Introduced in the early 1960s the Formula Ford 1600 class has been one of the most successful classes in the history of the sport. These cars are still racing today but with thousands of chassis produced only a few models are favoured in the hothouse of the various Formula Ford 1600 regional championships. There are many good Formula Ford 1600 cars gathering dust and thus available for little money. For several decades Formula Ford chassis have been raced in the MRC.
The current Mono 1600 class has its origins in the old "Mono Kent" class, long the backbone of the club. This class used either Formula Ford engines or Formula Ford engines with a special cam. Today, Formula Fords are still the backbone of the class but while engines remain strictly controlled and therefore cheap and readily available, modifications to the chassis are permitted, such as wings, tyres from other formulae and different size wheels. Nonetheless, the class was dominated in 2005 and 2006 by a virtually standard Formula Ford using a Monoposto camshaft in the engine.
If an owner desires the low maintenance conferred by a more modern engine, other eligible vehicles include Formula Vauxhall Junior 8valve and Formula Renault 1700. Performance is equalised by weight limits which include the driver. Again, engines are strictly controlled in accordance with the rules when these cars ran as manufacturer supported categories. All but the Renault have the advantage of running "proper" racing gearboxes, almost invariably Hewlands. For anybody unfamiliar with racing gearboxes, the change is a delight and helps makes the cars very easy to drive. Slightly more unusual choices are available, including homebuilt cars with a wide choice of engines, Formula First and the ERA single seaters. In fairness, the last 2 could be fun but are unlikely to be competitive.
The 1600 class but it is very much the home of the driver/preparer/engineer/sponsor being the same person. The cars are sufficiently simple that they can be run by one person with little mechanical knowledge, ideally with a helper on race day. However, the class is friendly enough that there is usually somebody from another team who will plug and unplug a slave battery. The friendliness is also apparent when there is a more serious problem - for example at one memorable meeting a driver was rebuilding his braking system with the aid of no less than 2 drivers and 3 mechanics from other teams, finishing just as the class received its final call for practice.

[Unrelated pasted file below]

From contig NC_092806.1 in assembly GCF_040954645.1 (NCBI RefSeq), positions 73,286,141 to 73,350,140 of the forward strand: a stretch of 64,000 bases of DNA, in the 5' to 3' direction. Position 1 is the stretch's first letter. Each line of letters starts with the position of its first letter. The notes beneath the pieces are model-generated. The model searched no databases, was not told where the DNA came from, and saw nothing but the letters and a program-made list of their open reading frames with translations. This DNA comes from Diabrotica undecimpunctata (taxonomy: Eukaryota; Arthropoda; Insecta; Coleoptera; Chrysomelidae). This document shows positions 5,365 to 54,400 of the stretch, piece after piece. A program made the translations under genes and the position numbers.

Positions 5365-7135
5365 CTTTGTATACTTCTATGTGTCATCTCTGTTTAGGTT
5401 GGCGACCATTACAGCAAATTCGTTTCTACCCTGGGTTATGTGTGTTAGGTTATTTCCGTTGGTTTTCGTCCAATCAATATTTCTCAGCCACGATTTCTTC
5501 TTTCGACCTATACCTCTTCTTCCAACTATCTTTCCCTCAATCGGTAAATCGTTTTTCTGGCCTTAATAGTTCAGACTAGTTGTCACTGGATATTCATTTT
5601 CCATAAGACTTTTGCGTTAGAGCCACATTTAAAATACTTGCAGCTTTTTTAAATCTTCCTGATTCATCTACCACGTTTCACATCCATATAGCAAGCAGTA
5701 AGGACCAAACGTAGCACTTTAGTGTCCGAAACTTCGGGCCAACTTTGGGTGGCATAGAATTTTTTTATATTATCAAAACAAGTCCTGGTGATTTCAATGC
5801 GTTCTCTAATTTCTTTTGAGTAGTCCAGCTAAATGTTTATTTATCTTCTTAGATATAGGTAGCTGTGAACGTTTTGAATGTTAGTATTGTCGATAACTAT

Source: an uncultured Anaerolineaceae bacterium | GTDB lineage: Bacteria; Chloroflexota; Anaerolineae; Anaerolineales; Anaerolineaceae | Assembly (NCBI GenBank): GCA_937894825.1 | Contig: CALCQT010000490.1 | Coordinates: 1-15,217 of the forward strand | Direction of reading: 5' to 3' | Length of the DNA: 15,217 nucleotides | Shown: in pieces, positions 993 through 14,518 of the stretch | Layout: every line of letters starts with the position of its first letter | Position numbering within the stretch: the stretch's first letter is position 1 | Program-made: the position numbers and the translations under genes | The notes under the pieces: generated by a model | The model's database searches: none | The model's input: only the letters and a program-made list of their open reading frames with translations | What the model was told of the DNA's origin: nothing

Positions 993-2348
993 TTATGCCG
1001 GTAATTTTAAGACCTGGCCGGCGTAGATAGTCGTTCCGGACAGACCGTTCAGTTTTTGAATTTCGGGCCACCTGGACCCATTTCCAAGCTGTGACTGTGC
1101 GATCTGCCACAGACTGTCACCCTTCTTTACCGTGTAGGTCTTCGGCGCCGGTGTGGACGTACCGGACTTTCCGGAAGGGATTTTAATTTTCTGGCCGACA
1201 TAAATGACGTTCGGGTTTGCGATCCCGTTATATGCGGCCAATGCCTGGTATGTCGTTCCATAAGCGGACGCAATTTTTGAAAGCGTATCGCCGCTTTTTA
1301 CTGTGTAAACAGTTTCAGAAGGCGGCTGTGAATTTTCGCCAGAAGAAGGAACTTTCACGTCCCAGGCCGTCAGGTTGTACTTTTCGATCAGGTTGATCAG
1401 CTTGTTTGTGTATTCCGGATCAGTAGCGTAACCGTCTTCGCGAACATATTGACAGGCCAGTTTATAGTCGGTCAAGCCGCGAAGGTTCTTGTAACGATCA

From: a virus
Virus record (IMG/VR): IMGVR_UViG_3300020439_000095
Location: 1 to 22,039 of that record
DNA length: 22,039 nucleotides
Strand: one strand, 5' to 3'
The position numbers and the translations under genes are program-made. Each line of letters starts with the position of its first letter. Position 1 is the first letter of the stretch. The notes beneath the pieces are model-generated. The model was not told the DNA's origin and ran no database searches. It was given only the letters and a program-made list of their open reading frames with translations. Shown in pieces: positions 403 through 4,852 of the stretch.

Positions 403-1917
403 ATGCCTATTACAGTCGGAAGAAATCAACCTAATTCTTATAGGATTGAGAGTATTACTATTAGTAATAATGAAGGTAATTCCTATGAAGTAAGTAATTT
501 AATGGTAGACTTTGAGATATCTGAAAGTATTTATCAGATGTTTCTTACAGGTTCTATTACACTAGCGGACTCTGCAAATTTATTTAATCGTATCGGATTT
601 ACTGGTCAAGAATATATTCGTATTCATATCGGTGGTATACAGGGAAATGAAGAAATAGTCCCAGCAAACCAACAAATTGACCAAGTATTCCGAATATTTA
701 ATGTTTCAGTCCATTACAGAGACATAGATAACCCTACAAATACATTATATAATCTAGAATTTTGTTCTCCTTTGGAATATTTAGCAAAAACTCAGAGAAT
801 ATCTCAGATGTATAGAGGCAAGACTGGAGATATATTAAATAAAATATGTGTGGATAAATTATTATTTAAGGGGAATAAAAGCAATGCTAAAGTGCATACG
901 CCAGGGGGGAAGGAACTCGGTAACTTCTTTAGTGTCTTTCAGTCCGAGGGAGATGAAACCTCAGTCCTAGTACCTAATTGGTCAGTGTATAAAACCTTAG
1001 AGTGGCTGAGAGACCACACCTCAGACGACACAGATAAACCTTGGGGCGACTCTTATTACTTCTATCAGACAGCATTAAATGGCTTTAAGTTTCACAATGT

Costs can be kept low - the going price for a Vauxhall Junior 8v is £3-4000, Formula Fords from about the same to as much as you want to spend. Formula Ford tyres are available for "bargain prices" second hand from professional teams, with new ones around £430 a set. Most Monoposto cars use FF1800 slicks and wets rather than the control ACB10s used in the FF1600 championships. A free tyre choice can transform the handling of some chassis. Reliability is good and with very simple engines, rebuild costs are low, and only required every 3 years or so.
Our drivers are committed and the racing is close throughout the field. Accordingly it is fun wherever you are on the grid. However, as most of us are over 30 (by a long way) the approach is mature and gentlemanly - contact is most definitely a "no-go".
The 1600's are the lowest powered cars in the club, but as thoroughbred single seaters they are by no means slow. There are few road cars below £60,000 that can keep up with a Mono 1600, and indeed most racing saloons struggle to equal our lap times